Deputy Elsa Conde of the Social Democratic Alternative Party, or simply Alternativo, will introduce a bill to legalize the medicinal use of marijuana in Mexico next week. A press conference to announce the move is set for Monday, and the bill should be filed Tuesday, a day before the Mexican congress goes on vacation.
The bill would make medical marijuana available for seriously ill patients. It proposes a system of licensed dispensaries to handle supply. The text of the bill was not available by Thursday afternoon.
"I will introduce the bill on Tuesday," said Deputy Conde, "If marijuana helps sick people, we should not punish them for using it," she said Thursday.
Alternativo is a small party with only four seats in the 500-member Chamber of Deputies, but bill supporters said the measure also has support from some members of the leftist Revolutionary Democratic Party (PRD), at least one member of the Institutional Revolutionary Party (PRI), and may pick up some support from a key member of the conservative governing National Action Party (PAN). (The three big parties in Mexico are the PRD, the PAN, and the PRI.)
While the number of supporters from major parties is currently small, it is a prestigious group. The three PRD deputies who have signed on are all doctors, and the PAN member expressing support is the chair of the health committee in the Chamber of Deputies, where the bill will get its first hearing.
Deputy Conde has been working with a small group of activists, academics, lawyers, and celebrities known as Grupo Cáñamo (the Hemp Group). Last fall, Conde introduced a bill that would decriminalize marijuana possession in Mexico. The final bill in Conde's and Grupo Cáñamo's tripartite marijuana offensive, one that would legalize hemp production, is in the works.
Grupo Cáñamo came together to push for legislative reforms, said Mexico City activist Ricardo Sala, whose own organization, Convivencia, has been a leading voice for a more rational approach to drugs. "Deputy Elsa wanted to present some marijuana legislation, and she said we needed to show broad support, so we organized the group to help push that effort" he said. The group hopes to expand and broaden its mandate, but right now is focusing on marijuana issues, he said.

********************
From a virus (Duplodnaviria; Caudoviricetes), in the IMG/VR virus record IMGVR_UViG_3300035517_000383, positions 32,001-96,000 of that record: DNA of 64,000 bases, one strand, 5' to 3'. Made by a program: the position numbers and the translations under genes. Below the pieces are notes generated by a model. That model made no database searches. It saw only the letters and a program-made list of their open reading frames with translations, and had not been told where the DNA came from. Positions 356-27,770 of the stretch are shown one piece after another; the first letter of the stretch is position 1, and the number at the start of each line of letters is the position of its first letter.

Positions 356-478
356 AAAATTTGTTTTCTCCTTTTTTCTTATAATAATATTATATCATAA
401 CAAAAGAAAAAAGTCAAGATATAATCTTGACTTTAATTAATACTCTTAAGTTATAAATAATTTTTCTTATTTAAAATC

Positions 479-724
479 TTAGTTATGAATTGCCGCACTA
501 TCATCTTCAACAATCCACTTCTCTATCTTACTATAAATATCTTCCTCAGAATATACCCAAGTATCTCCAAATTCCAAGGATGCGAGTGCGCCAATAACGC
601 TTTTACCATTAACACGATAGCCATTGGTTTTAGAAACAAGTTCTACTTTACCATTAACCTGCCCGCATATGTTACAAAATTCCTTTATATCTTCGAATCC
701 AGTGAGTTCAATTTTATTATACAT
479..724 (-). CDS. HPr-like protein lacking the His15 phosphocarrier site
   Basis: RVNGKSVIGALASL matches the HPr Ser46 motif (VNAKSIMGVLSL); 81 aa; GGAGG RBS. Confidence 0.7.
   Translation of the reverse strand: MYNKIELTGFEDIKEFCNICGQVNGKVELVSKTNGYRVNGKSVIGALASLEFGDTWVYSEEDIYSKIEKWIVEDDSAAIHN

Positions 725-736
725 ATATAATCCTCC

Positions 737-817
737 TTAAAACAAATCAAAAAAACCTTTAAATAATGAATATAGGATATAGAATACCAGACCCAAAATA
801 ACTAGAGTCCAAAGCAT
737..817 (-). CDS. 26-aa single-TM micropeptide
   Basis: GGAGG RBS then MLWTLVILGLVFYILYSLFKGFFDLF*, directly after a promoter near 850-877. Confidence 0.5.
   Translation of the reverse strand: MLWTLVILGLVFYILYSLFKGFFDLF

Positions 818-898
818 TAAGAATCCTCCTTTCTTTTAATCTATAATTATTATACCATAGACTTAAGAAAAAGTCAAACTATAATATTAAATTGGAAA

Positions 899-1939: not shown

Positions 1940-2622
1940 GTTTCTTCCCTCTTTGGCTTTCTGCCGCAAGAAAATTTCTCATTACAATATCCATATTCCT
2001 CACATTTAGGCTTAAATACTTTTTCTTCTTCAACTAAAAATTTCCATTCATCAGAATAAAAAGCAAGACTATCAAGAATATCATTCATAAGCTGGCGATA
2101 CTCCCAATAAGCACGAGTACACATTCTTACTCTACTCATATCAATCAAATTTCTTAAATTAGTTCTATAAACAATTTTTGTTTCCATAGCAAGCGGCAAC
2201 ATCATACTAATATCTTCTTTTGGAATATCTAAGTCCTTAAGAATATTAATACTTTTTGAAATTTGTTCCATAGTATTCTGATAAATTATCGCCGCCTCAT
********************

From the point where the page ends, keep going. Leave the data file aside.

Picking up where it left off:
While Conde's decrim bill has gone virtually nowhere in the congress, the medical marijuana bill should have better prospects, said Jorge Hernández Tinajero, a member of AMECA (the Mexican Association for Cannabis Studies) and an advisor to Conde. "This measure is very attractive medically and scientifically," he said at a Grupo Cáñamo strategy session Thursday morning. "It will be easier to achieve than decriminalization."
Tinajero said he joined Grupo Cáñamo in a bid to move from street activism to the halls of power. "We do the global marijuana day marches," he noted, "but we have to do politics if we want to change the law."
For Dr. Humberto Brocca, a leading Mexico City drug treatment provider who specializes in acupuncture therapy and deals with the city's street youth population, making medical marijuana available to those who need it is paramount. "This is a human rights issue," he said at the Thursday meeting. "The right to health is fundamental."
There are challenges, said Brocca. "The government here is very moralistic, and what we need and want to do is move medical marijuana from the moral sphere to the scientific sphere. Marijuana is currently classified as a Schedule I drug with no medical use, and we need to open the scientific and political space to move it to Schedule II. What we need is to move beyond policy based on moralism to policy that is evidence-based."
"Cannabis users should not be persecuted, either for medical marijuana or personal use," said anthropologist Sandra Tovar, who is married to Brocca and has coauthored several books with him.
"I think this can pass," said Tinajero. "The PAN needs to have a human face, and taking a bold stance on a health issue may help them do it."
Whether or not the bill passes, consideration of it will advance the cause, said Brocca. "We need to make this a public discussion so we can educate not only the public, but also the medical community and the politicians. This effort can only help," he said.